The 2008 Sichuan earthquake is a real-world example of drones being employed in a search and rescue effort. One of the most devastating earthquakes in human history. Drones were employed to assist rescue teams by identifying collapsed population-dense buildings as well as roads that were closed to on-the-ground personnel.


2. Medical Package Delivery

Aid organizations in developing nations have weak or non-existent infrastructure, which is aggravated by disasters such as damaged roads and debris-covered areas, which make it difficult for medical aid teams to access impacted areas. People stranded in regions where rescue will take time require immediate assistance until they are rescued and moved to a safer location.

Drones may not be able to replace conventional 4×4 vehicles or helicopters for humanitarian aid (since they can transport larger supplies), but they can improve the effectiveness of first-aid response by serving as an additional instrument for humanitarian relief.

Payload delivery drones can provide medical supplies, food, sanitary items, and communication equipment. Medical supplies can range from essential pharmaceuticals to vaccinations, water purification tablets, and surgical equipment. The objective with drones is to minimize aid delivery time and to alleviate the suffering of the victims.

During COVID-19, for example, drones were utilized in a global viral outage. People in need received COVID-19 test kits and PPE supplies. Drones cut delivery times from up to six and a half hours via road to only 10-15 minutes.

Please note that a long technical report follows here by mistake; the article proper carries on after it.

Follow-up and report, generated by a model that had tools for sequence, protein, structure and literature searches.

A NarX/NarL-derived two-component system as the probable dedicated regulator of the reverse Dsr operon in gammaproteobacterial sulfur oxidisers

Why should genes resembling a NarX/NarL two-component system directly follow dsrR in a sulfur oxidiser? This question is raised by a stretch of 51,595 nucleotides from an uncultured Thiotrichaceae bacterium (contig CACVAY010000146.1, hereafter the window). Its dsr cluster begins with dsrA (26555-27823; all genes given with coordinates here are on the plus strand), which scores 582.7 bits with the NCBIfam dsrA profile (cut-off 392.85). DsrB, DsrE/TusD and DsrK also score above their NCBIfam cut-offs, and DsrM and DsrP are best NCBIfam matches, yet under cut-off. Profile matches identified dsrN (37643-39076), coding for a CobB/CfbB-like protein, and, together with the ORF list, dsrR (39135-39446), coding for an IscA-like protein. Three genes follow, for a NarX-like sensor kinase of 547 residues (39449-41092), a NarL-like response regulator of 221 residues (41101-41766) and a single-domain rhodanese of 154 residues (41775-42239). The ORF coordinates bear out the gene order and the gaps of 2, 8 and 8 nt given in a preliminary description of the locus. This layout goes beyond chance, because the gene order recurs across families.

3. Communication Re-establishment

Power line and communication lines are cut off in regions hit by natural disasters. In such areas, a network capable of handling voice channels might be critical for search and rescue activities. Communication infrastructure is critical for communicating disaster and safety information to the general public, coordinating recovery plans among first responders, and re-establishing communication between family members to check in on their loved ones.

A unique type of UAV can be used to re-establish temporary Wi-Fi connections enabling on-the-ground rescue teams to- coordinate rescue preparations. A drone fleet can be deployed (linked together to enhance coverage) in regions of crisis, or they can be linked to a ground-based telecommunication system to boost signal coverage for use by search and rescue workers during an operation where communication is critical.